An issue that has recently arisen in the poker world is the rules that govern tournament play. Unlike the the PGA Tour, where golfers can expect the same procedures to take place at every tournament, poker has a different system going, and most complain it is a lack of one. According to Miguel Strother at PokerListings, due to Poker’s semi-illicit status in the past and present, odd changes in the unset rules have taken place over time and created inhomogeneity in poker.
Many professionals have complained of tournament poker’s lack of a good system, but finally someone is doing something about it. Professional poker players Marcel Luske and Michelle Lau founded an organization called the Fédération Internationale de Poker Association (FIDPA) to promote poker as a sport and force unity world-wide within that sport. Their creation, the “International Poker Rules” or “IP Rules” are set to be endorsed by many international poker players and officials later this month when they are unveiled. “As poker has exploded, the beauty of having one set of rules that everyone can learn and follow is such a big step for the game and as a sport,” Luske said. “New players and professional players finally have a resource from which to learn and play. Poker is a game that requires skill and knowledge and should be played with fairness and integrity.”
To create these rules, Luske and Lau have collaborated with some influential figures in the poker world. Notable proponents of the IP Rules include Bob Ciaffone of the Poker Tournament Directors Asssociation and Jack McClelland and Doug Dalton of the Bellagio. “With the support of Doug Dalton and Jack McClelland at Bellagio, one of the world’s finest card rooms, FIDPA and the IP Rules are off to a great start,” said Lau. “We still have a lot of ground to cover but the fact of the matter is that there really is no reason why a card room or tournament should not use the IP Rules as a base.”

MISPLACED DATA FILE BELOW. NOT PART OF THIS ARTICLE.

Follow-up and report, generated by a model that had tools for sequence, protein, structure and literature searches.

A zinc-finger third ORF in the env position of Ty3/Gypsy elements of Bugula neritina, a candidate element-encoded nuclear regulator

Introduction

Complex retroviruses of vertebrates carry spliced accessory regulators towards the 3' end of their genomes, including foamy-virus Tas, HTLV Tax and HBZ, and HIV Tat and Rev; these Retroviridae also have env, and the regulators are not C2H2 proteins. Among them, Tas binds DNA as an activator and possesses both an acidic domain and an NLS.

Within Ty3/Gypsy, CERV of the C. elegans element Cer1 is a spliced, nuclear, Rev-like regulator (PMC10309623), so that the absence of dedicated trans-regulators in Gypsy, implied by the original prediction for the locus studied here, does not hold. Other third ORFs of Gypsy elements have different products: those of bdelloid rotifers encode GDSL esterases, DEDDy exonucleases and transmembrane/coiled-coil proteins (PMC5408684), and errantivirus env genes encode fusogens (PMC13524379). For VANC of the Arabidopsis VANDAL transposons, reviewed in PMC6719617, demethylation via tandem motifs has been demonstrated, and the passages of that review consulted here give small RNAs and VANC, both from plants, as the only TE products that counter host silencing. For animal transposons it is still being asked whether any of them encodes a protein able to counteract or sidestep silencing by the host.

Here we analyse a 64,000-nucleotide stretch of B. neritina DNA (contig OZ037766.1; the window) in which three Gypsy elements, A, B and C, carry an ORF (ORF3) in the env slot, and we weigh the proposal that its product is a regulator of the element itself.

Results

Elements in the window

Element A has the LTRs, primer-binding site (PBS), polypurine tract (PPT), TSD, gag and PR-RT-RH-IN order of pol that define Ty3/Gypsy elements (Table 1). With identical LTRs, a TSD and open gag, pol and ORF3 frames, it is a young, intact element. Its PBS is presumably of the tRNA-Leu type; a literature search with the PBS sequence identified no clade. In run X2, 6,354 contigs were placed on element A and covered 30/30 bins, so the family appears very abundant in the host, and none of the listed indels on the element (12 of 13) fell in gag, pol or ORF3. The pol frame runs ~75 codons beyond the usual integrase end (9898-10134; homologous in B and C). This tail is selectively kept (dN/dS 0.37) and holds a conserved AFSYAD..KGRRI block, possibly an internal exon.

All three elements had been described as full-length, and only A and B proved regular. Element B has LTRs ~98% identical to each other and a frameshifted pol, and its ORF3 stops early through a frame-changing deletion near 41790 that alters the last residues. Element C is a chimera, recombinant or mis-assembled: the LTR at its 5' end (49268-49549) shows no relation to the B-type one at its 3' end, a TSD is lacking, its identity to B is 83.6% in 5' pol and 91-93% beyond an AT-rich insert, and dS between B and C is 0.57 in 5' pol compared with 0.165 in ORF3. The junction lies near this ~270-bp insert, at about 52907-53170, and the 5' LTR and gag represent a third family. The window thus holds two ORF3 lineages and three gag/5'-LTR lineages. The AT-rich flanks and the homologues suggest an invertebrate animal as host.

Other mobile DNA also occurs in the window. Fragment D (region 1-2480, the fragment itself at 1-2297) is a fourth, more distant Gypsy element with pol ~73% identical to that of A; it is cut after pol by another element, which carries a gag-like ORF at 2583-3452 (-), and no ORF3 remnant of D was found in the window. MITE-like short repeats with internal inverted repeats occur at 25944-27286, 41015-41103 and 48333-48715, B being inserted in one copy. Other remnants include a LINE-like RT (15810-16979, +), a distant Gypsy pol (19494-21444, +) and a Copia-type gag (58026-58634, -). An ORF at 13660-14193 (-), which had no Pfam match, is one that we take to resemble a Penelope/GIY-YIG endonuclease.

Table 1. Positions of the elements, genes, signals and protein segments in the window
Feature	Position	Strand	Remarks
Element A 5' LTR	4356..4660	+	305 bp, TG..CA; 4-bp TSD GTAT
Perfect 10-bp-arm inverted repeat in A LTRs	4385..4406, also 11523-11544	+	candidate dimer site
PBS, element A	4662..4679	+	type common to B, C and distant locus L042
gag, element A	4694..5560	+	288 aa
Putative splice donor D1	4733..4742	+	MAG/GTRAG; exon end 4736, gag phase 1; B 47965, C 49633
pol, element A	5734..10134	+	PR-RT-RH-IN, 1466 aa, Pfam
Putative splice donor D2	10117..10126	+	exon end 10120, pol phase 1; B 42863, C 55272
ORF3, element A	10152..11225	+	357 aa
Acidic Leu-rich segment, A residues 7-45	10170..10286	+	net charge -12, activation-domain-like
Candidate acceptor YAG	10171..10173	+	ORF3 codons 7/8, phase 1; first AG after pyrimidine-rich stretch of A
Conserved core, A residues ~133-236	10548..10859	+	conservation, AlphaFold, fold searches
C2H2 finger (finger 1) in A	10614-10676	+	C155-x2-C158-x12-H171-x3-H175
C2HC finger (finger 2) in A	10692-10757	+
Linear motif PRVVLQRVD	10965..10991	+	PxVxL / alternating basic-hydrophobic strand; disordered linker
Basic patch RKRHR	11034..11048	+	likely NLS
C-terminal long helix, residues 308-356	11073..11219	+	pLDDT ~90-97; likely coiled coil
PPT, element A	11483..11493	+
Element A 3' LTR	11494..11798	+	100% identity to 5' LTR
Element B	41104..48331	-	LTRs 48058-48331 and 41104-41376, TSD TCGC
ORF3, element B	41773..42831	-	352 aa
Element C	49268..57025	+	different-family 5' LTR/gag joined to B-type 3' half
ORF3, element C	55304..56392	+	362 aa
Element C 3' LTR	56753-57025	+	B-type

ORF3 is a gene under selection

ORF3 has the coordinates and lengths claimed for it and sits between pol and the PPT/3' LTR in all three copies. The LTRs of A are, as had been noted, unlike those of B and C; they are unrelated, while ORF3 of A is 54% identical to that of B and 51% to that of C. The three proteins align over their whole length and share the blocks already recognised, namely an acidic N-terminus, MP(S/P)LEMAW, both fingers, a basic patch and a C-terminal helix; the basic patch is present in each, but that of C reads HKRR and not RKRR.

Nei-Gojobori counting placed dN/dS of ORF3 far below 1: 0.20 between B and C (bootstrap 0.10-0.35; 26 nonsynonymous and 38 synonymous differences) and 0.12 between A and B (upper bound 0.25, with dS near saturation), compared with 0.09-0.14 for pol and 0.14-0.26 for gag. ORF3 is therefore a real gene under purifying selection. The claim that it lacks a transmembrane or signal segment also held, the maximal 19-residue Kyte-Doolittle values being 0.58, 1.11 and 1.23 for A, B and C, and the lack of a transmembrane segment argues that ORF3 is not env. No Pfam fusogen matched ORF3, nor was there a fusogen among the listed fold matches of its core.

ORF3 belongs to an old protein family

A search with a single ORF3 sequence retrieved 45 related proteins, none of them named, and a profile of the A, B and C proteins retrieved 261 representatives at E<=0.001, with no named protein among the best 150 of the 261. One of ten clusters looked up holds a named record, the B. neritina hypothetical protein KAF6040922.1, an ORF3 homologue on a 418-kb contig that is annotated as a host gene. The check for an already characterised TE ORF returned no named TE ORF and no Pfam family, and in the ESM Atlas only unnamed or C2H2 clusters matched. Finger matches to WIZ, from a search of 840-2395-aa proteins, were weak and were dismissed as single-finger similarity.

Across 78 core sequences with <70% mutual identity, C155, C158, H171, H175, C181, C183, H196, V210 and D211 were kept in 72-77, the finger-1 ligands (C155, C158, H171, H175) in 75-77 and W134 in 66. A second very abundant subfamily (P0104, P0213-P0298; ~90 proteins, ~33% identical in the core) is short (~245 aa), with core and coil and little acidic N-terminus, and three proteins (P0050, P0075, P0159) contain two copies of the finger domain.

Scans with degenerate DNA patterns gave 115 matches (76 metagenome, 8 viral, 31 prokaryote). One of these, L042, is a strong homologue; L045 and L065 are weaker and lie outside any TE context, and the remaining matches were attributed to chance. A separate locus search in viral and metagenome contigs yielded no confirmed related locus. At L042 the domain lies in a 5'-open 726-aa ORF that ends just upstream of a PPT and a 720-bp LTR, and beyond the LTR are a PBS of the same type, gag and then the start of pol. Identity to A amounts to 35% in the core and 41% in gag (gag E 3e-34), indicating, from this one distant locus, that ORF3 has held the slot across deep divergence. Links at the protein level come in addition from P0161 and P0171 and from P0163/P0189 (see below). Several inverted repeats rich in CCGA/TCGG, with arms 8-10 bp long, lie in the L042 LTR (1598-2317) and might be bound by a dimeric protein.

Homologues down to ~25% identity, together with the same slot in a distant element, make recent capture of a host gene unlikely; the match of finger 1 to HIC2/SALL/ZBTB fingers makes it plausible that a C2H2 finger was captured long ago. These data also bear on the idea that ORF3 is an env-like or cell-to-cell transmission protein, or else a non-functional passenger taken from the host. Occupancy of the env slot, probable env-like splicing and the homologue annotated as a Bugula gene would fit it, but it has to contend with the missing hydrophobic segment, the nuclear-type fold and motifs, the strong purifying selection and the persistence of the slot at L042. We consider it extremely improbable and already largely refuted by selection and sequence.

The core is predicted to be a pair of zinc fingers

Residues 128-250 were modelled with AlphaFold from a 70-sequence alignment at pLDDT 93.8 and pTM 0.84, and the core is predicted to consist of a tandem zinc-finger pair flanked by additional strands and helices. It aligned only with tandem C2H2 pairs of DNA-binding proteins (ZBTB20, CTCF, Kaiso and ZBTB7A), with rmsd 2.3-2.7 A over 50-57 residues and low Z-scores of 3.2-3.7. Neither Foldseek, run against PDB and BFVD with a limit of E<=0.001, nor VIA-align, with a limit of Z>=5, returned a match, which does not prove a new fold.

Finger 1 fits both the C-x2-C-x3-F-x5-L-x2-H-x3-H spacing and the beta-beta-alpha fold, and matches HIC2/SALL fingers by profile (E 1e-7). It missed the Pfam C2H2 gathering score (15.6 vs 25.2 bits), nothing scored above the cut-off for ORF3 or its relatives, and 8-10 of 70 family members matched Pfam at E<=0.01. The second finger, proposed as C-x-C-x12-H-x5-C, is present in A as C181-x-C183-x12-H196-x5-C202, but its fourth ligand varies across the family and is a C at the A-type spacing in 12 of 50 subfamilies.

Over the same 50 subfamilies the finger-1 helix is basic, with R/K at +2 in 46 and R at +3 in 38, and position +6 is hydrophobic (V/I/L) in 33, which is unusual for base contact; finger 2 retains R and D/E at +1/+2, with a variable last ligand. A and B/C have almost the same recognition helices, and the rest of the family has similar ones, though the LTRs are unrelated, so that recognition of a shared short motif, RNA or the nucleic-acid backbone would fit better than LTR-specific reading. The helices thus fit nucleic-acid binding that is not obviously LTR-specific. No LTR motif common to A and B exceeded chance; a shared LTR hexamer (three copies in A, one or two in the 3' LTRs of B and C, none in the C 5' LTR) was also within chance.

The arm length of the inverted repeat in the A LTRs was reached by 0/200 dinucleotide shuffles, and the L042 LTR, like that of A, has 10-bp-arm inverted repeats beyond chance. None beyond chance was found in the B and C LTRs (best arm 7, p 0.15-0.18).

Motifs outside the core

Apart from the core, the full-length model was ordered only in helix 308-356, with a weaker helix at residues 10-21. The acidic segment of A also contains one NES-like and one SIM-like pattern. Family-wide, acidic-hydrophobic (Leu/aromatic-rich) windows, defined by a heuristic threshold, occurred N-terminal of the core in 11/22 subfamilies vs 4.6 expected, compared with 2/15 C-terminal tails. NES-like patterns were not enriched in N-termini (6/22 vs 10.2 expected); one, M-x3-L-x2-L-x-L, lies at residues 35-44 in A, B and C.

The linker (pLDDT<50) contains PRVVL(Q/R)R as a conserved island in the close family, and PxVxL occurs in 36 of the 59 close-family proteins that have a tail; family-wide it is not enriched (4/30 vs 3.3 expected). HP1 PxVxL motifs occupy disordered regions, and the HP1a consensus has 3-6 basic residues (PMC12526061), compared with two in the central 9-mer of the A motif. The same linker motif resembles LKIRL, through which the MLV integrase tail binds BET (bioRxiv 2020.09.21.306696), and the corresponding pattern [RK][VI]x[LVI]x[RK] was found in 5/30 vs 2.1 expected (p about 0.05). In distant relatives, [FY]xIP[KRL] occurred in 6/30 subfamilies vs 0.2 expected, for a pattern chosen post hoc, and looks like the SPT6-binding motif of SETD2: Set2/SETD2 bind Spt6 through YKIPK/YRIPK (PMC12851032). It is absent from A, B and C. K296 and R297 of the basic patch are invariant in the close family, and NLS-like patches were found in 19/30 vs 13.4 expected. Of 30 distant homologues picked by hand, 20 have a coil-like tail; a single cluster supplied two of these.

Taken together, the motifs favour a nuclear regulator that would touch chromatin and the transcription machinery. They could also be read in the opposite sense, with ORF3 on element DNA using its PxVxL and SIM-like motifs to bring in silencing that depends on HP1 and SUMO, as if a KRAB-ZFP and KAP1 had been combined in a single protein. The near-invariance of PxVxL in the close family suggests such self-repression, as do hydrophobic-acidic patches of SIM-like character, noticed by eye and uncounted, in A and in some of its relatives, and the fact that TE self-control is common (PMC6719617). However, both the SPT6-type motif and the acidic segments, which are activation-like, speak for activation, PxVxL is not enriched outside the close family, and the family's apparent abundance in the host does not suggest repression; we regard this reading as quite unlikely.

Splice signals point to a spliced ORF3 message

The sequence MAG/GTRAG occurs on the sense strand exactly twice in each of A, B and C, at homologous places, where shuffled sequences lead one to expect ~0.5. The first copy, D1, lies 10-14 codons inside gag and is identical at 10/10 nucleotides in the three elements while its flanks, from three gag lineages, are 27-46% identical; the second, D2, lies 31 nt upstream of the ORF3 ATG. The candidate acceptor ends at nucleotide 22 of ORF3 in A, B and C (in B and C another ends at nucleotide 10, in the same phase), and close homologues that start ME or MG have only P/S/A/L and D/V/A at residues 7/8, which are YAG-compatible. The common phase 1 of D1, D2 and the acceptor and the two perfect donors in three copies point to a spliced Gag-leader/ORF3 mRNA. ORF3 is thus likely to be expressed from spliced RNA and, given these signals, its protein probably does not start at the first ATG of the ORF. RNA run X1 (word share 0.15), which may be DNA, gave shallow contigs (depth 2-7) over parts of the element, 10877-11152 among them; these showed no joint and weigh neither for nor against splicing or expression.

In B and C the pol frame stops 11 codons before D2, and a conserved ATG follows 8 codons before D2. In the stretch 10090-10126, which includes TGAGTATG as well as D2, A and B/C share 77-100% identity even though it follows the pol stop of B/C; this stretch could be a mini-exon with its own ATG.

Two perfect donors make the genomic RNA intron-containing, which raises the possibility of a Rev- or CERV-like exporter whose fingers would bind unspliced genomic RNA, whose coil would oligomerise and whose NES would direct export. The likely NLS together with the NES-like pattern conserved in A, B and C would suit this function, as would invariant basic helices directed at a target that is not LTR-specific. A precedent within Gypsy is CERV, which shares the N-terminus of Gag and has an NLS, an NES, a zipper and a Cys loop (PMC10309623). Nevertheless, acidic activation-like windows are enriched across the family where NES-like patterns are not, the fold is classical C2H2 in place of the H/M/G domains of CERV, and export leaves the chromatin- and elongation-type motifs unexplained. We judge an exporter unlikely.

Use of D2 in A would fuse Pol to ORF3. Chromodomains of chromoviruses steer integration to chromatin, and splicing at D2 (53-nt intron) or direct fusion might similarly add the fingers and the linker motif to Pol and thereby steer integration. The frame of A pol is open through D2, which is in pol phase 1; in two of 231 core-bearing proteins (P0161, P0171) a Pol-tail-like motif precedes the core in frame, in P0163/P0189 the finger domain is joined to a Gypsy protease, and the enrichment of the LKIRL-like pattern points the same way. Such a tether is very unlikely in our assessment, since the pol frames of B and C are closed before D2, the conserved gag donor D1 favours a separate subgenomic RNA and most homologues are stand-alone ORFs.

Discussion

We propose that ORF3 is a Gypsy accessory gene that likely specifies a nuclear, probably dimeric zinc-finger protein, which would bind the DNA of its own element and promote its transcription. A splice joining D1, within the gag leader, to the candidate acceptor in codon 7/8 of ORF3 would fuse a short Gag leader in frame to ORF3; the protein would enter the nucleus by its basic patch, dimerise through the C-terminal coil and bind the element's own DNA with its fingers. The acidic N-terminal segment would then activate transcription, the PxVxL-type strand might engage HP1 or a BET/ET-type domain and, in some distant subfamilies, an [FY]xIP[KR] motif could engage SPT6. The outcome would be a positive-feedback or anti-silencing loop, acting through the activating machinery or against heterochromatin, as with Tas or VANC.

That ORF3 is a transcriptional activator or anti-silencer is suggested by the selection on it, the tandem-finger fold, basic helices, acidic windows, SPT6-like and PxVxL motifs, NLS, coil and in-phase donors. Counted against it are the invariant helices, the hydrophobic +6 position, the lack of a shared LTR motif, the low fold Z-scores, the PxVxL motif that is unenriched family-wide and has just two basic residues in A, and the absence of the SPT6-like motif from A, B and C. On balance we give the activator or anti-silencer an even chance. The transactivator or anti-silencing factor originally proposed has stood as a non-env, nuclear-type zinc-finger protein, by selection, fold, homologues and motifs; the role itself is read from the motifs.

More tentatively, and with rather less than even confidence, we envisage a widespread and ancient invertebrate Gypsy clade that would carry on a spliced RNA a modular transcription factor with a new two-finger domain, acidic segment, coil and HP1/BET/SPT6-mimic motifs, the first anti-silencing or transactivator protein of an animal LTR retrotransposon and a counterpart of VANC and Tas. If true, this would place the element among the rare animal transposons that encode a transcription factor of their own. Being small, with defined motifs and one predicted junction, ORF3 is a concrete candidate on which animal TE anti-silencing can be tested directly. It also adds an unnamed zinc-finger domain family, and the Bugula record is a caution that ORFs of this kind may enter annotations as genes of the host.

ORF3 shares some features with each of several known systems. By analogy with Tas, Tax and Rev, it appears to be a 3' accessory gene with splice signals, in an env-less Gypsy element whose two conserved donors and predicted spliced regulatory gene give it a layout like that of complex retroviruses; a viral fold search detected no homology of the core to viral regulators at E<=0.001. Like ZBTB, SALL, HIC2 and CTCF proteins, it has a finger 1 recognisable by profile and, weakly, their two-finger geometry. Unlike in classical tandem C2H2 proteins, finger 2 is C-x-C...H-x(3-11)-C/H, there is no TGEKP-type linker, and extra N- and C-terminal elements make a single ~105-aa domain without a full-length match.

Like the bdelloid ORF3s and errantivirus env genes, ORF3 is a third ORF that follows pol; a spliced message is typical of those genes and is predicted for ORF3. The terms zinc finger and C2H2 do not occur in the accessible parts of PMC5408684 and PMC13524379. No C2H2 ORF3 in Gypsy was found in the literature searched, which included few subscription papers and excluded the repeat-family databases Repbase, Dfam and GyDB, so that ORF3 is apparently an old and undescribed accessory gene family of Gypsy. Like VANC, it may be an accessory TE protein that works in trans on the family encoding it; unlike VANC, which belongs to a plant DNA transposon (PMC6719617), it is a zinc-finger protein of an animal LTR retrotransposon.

Luske speculates that the rules will be beneficial to tournament directors around the world. “We have a large number of international poker players who compete in our tournaments on a regular basis,” said McClelland, who is the director of tournaments at the Bellagio. He continued, “We want to make sure they are comfortable with the rules and hope to maintain consistency in rulings worldwide. Bellagio is happy to support both domestic and international tournament efforts which in turn will strengthen our position as the leader in the industry. We look forward to a successful partnership with FIDPA.”
As for the IP Rules themselves, according to PokerListings they consist of 80 technical rules, policies, and procedures for tournament play that reference the latest version of the Tournament Directors Association’s “40 Rules”. According to PokerListings, “Cardrooms and tournament organizing bodies are permitted to modify the rules in accordance with house rules, state and federal gaming commission laws and regulations and/or tournament directors’ procedures and policies. All modifications made to the IP Rules will be provided to the players and will take precedence in that venue.”
Lau says about the new rules, “By allowing tournament directors to make and disclose any necessary modifications prior to a tournament, we can now know the rules, simply note the changes and be able to ensure the rulings are made are fairly. A standardized set of rules [is] desperately needed; as a professional poker player traveling around the world to play in tournaments, there is absolutely no way to know the different rules in every country or even from venue to venue.”
Given the amount agreement among professional that these rules are needed, and the large quantity of people gravitating towards poker, it seems the Fédération Internationale de Poker Association is a timely and necessary addition to the beloved game. It brings more legitimacy to poker in a time of legal gray area for online professionals and will surely solidify poker’s place as a respectable profession and sport.